How Panama Is Advancing in IPv6 Adoption in Government Networks
Deploying the IPv6 protocol is a strategic step towards realizing any government’s digital agenda plans.
There are currently no more available IPv4 addresses, yet in Latin America and the Caribbean approximately 200 million users —or just over 30% of the population, as reported by ECLAC— remain unconnected. Adopting the IPv6 protocol is the only way to guarantee that they can participate in the opportunities afforded by the digital age. In addition, the number of interconnected devices is growing exponentially, which also creates a huge demand for IP addresses.
Thus, the challenge is to ensure that every country can achieve high levels of IPv6 deployment so they will not be left behind, neither in terms of access for their citizens or technological development.
In the case of Panama, in 2022 the National Authority for Government Innovation (AIG) presented the results of the Project for the Coexistence of the IPv4 and IPv6 Protocols in the National Multiservice Network (RNMS), a platform that provides telecommunications services to more than 5,000 public entity sites, including communication link services (data), Internet, data center and voice services. The goal was to kick off the IPv6 adoption process in Panama’s public entities, preparing and modernizing public administration for the growing demand for connectivity that is expected in the coming years.
Alkin Saucedo B., AIG Telecommunications Director, spoke with LACNIC about the challenges of adopting the new protocol.
Why is transitioning to IPv6 important for modernizing public administration in Panama? What is the status of connectivity in the public sphere?
We at the National Authority for Government Innovation (AIG) are considering the project for introducing IPv6 as part of the strategies for the development of the Information and Communication Technology (ICT) sector and the strengthening of the Panama Digital Hub initiative, the main goal of which is to promote the use of ICT in Panama. One of its multiple verticals is connectivity. For us, the implementation of IPv6 plays an important role in the modernization of public administration, particularly considering that LACNIC has been talking about IPv4 exhaustion and the need to transition to IPv6 for several years.
What has the implementation been like and why did you design a roadmap and a phased process? Why is this format suitable for IPv6 implementation?
The plan we have established concludes in a roadmap and is the result of a process that included a diagnosis we previously carried out with public entities to identify not only the technology level of their infrastructure, but also their knowledge of IPv6 and the importance and priority that each public entity assigns to IPv6. This diagnosis included the RNMS, and results showed that the network is prepared to support public entities as they progressively transition to IPv6. In fact, we are already managing some IPv6 addresses through the RNMS. In this sense, creating a roadmap not only provides an order but also enables a phased implementation of IPv6 based on the specific needs of the public entities identified in the diagnosis. The roadmap establishes the actions that must be implemented in the short, medium, and long term, acknowledging the unique requirements of each public entity.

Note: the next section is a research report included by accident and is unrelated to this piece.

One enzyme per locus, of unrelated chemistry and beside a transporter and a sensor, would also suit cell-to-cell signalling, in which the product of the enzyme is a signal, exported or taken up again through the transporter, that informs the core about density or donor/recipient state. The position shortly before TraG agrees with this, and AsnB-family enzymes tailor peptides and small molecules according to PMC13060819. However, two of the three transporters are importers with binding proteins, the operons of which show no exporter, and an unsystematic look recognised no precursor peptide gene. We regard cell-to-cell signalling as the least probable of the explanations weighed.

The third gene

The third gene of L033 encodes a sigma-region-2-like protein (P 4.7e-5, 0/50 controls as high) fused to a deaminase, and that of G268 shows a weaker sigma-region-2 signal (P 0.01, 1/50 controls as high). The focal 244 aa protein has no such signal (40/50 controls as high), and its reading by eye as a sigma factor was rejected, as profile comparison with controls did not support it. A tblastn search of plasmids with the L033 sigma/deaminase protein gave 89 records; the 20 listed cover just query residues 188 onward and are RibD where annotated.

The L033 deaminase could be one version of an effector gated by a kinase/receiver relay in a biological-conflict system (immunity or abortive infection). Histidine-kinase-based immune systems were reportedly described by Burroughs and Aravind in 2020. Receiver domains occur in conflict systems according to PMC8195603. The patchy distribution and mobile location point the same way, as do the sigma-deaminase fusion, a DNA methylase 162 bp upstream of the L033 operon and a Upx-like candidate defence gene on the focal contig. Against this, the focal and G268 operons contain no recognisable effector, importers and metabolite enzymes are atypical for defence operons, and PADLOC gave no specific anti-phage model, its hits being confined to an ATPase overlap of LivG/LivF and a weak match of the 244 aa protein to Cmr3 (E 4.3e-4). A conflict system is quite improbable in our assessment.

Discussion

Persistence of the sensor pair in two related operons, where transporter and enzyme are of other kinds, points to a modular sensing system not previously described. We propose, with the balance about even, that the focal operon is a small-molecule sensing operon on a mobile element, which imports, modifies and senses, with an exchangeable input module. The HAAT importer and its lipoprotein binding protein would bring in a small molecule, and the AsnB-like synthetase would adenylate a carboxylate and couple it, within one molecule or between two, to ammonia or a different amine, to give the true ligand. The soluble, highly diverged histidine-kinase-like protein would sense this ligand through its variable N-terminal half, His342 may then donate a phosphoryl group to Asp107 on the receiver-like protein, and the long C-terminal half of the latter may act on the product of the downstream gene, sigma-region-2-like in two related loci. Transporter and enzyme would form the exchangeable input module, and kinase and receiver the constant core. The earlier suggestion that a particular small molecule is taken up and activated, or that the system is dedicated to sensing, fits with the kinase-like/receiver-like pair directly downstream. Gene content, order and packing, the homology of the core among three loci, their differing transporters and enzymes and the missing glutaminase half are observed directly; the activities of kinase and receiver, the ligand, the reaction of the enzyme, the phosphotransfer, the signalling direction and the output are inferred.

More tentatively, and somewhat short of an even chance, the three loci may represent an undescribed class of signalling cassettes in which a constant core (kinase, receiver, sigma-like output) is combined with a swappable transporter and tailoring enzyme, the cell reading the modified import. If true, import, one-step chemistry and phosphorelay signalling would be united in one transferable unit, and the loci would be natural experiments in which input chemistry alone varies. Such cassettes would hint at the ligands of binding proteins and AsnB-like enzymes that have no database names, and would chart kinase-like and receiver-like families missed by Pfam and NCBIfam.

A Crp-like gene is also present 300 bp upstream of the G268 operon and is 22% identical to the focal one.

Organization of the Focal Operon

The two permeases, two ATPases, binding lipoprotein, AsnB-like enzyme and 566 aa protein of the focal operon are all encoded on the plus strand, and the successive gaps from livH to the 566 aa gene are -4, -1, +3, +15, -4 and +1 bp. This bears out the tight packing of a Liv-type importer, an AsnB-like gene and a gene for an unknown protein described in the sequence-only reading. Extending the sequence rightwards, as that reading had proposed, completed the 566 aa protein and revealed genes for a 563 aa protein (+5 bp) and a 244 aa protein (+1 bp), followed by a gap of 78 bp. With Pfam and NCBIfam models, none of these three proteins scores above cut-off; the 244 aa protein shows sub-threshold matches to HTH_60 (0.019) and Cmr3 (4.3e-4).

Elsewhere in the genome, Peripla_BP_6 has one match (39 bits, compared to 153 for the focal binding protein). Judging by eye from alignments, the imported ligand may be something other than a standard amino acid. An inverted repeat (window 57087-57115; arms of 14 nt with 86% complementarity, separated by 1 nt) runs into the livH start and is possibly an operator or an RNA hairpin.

The roadmap contemplates not only training, support, and technical guidelines, but also proposes a reasonable timeframe for public entities to implement this change in technology.
What lessons have you learned from the process?
It is important to stress that the scope of the AIG focuses on public entities, yet the implementation of IPv6 will also have an impact on the private sector and private citizens. In any case, my first suggestion is to avoid forcing the transition to IPv6. I believe we must create an IPv6 culture driven by the conviction of the benefits that this technological change has to offer. I am convinced that the implementation of IPv6 in public entities will promote the adoption of this technology at the national level. However, it is necessary to invest and for these entities to begin the training phase. If we don’t move forward with this, immediate adoption is unlikely to happen. I insist. Even though we have the authority to establish mandatory regulations, I believe that this is not the way to move forward. Instead, we should establish guidelines on how to deploy IPv6, and accompany and monitor public entities as they undertake the process.
What we’ve learned from this process is that we don’t expect public entities to discard their equipment and purchase new devices in order to adopt IPv6. I think it is best to do what we are doing now, in other words, to begin a pilot for the coexistence of IPv4 and IPv6. This will provide us with the technical and administrative experience to operate networks in this environment, making it easier to complete the process with the least amount of pain. And by “pain” I am not only talking from a technological point of view, but also about the economic pain that can be caused by the new investments that may be required.
What best practices would you recommend to other governments that are also on this journey?
LACNIC’s support throughout the process has facilitated the process and should be commended.
In this sense, we insist that, rather than being mandated, the transition to IPv6 should be based on the conviction of the benefits offered by this technological change. We must focus on formalizing governance, detailing the procedures and parameters to be followed for IPv6 adoption by each public entity, recognizing the differences that exist between them. The implementation period must also be formalized. It is important for us to provide public entities with manuals and technical guidelines for IPv6 adoption, as well as the existence of a support service that can answer any questions that may arise.